Bridging Talent and Business

bridging expertise

bridging expertiseAt IBM Connect, in the Netherlands, I had the change to listen to a presentation by IBM’s Laurent Boes. He should have gotten more time, but that’s just my opinion. His topic; Smarter Workforce. One slide, or more a summary, just made so much sense that I want to share it with you.

HR, front and centre

If we accept that unleashing your workforce is pivotal to the success of a Social Business, than we have to accept that HR plays a big part in this. This, however, is not about recruiting, but about assessing what we have (top employees) and how we can have their performance rub off on other employees.

And yes, arguments can be made whether HR is still a valid department.

AMC Theaters

A short example. As a case Laurent uses AMC Theaters and their interpretation of the information below. AMC found that the most valuable employee, the human who contributed the most to the net profit of the company, was the popcorn seller. By identifying and acknowledging this, they were able to train other popcorn sellers and new popcorn sellers and raise their revenue by 1.2% per customer.

Just imagine what effect that has on profit when added up over their 378 venues. Here’s a hint: millions.

The list, or workflow, then:

What job role has the biggest impact on the business

Depending on the size of your company, this might be quite a task. Of course, there are some roles easily eliminated, but you really should consider all.
It just might happen the mail intern does such a marvellous job that the impact on the company is confounding.

Be thorough in finding this role.

Why are great people great

When you’ve found the role, there’ll be people who do it better than others. This is not to discredit anybody, it’s just that some are more highly motivated than others, and thus, better at their job. Find out what makes them tick, what, exactly, differentiates them from the other.

Make some effort to get to the bottom of this.

Recruit, train and develop to that standard

Once you’ve established, or quantified, the standard, you can replicate it. Really, you can. For starters, you can adjust the hiring criteria to match the standard. Then, with the correct training, your new recruits will fit in better to the standard you’ve established.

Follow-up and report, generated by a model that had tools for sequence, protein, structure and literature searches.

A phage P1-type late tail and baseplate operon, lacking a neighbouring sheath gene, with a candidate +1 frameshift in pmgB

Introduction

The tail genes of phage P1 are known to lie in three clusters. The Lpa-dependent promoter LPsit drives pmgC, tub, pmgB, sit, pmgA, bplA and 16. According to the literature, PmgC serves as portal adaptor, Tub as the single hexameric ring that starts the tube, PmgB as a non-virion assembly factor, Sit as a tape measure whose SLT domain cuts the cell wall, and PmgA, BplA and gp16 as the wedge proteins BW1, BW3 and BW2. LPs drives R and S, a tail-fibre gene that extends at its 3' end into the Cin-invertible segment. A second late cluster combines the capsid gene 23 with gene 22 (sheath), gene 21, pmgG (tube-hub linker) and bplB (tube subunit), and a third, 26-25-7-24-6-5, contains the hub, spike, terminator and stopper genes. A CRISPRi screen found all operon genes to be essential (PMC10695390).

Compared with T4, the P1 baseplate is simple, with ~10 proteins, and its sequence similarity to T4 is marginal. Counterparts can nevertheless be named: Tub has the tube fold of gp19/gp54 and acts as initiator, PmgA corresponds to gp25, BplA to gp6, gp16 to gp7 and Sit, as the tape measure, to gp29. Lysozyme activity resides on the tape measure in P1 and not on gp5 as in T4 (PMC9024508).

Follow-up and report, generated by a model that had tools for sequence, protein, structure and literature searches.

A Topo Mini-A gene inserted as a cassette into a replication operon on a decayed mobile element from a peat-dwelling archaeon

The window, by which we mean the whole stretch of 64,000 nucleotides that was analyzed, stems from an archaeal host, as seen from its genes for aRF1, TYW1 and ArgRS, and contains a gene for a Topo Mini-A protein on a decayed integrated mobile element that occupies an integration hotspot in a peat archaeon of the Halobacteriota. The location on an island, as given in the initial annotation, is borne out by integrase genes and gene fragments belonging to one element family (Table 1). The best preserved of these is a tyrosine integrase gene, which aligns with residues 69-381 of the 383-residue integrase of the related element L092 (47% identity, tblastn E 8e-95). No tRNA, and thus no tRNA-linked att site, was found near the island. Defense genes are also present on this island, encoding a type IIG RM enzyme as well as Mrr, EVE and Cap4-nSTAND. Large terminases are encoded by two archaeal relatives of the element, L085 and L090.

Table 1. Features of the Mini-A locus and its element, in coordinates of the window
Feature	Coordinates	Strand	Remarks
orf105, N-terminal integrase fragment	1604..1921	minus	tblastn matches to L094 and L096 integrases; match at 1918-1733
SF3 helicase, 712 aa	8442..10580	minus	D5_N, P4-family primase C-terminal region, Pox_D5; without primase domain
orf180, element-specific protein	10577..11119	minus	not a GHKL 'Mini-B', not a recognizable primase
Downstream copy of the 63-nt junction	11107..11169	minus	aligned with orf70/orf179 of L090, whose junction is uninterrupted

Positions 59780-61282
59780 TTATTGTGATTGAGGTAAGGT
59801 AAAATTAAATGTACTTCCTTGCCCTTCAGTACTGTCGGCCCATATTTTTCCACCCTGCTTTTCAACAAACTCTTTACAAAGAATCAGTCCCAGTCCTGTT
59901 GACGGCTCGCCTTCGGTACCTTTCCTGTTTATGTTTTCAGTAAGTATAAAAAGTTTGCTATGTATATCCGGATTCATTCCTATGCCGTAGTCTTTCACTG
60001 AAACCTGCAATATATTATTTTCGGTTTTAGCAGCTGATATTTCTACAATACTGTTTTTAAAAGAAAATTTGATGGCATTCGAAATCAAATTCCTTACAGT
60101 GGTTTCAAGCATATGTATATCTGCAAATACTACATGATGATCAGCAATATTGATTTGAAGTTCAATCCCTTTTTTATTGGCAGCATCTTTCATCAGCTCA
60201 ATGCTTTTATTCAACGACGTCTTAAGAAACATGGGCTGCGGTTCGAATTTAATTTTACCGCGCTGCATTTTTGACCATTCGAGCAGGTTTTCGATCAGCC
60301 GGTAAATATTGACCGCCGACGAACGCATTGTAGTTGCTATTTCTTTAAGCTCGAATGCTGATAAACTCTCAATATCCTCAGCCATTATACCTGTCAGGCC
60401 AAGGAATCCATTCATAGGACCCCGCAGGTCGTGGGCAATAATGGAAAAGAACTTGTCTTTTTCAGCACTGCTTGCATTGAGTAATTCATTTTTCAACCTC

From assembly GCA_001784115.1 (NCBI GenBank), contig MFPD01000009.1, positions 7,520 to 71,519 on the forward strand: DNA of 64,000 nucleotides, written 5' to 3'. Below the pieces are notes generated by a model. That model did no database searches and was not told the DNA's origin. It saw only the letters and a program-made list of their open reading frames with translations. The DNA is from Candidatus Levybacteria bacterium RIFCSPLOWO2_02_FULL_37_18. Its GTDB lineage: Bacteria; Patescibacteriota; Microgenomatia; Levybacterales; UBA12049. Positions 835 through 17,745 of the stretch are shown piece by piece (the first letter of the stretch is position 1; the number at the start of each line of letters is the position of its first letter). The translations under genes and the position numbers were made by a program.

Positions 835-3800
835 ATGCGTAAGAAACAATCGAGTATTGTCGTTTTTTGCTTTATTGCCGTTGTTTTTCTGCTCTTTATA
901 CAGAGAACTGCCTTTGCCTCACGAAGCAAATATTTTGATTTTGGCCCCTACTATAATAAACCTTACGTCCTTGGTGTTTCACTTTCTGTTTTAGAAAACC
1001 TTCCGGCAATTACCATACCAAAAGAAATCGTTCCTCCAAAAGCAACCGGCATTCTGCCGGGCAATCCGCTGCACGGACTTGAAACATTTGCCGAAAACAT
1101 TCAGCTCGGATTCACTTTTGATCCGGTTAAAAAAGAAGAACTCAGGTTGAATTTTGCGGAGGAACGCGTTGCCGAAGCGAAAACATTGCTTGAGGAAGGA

The current employees can be trained and their assessments should, over time, reflect the new standard.

From liking to leading

The most successful employees within a company do more than just like their job. In a natural way, they tend to lead by example, simply because they do the job as well as possible.

That’s where you want to end up.

Innovate, transform, create

The consequence of this all is that employees are trained into a certain mindset. This mindset was unobtainable before it was quantified. This helps with changing the mindset and the philosophy of the whole company.

Over time, the newly hired, together with your champions, will act as trojan mice and will “infect” those employees who are difficult to change.


As with everything, this process takes time. Especially when the goal is to change the whole company. But, with smaller steps, the return can be greater. Focussing on the 20% that make the biggest difference in the company, may provide the biggest yield.

The other 80% will come around.., in time.

Author: Rogier Noort

Digital Transformer | Thinker | Listener | Speaker | Podcaster | Writer | Blogger Twitter or LinkedIn.

5 thoughts on “Bridging Talent and Business”

  1. Good post Rogier, and of course it’s not just people inside the enterprise either. In a social world, a post like this can be great marketing for IBM, so you should be on their radar, whilst of course with open innovation, there are many potentially valuable people outside of your company, with the competition often acting as a beacon to help you find them.

    1. Thanks Adi, and yes, so true. Some still have to learn to pick up on this. Others already do.., but then again.., it’s a vast virtual landscape.
      Thanks for the comment.

  2. Hi Rogier – love your post and how well you summarize the needs and challenges. One thing that many companies do not do well is put the right person in the right role for the right reasons. That’s because talent is complex. One tool we use with intent (and the with intent is key) is the Strengthsfinder from gallup. It identifies patterns of behavioral excellence – when you know those patterns (each person is unique as you said) this foments the dialogue in a manner previously undiscovered. I don’t work for Gallup, but man, i love their tool. 🙂 When a sales organization used this tool with their global sales force, and simply had strengths discussions between the employees and managers, sales grew by 11% – in ONE YEAR. When you tell people why they are rock stars, and then help them leverage their strengths, they will be engaged employees – those who love their job and lead the way. Appreciate your good work, my friend.

    1. Hey Maureen, thanks for stopping by. Wow, 11%?! That’s impressive. I haven’t used the too, yet. But, your posts and this comment is enough reason. I will set time aside.

      And thanks for the appreciation…

      1. Cool! Can’t wait to hear your results, my friend! Let’s chat when you get them! Maureen

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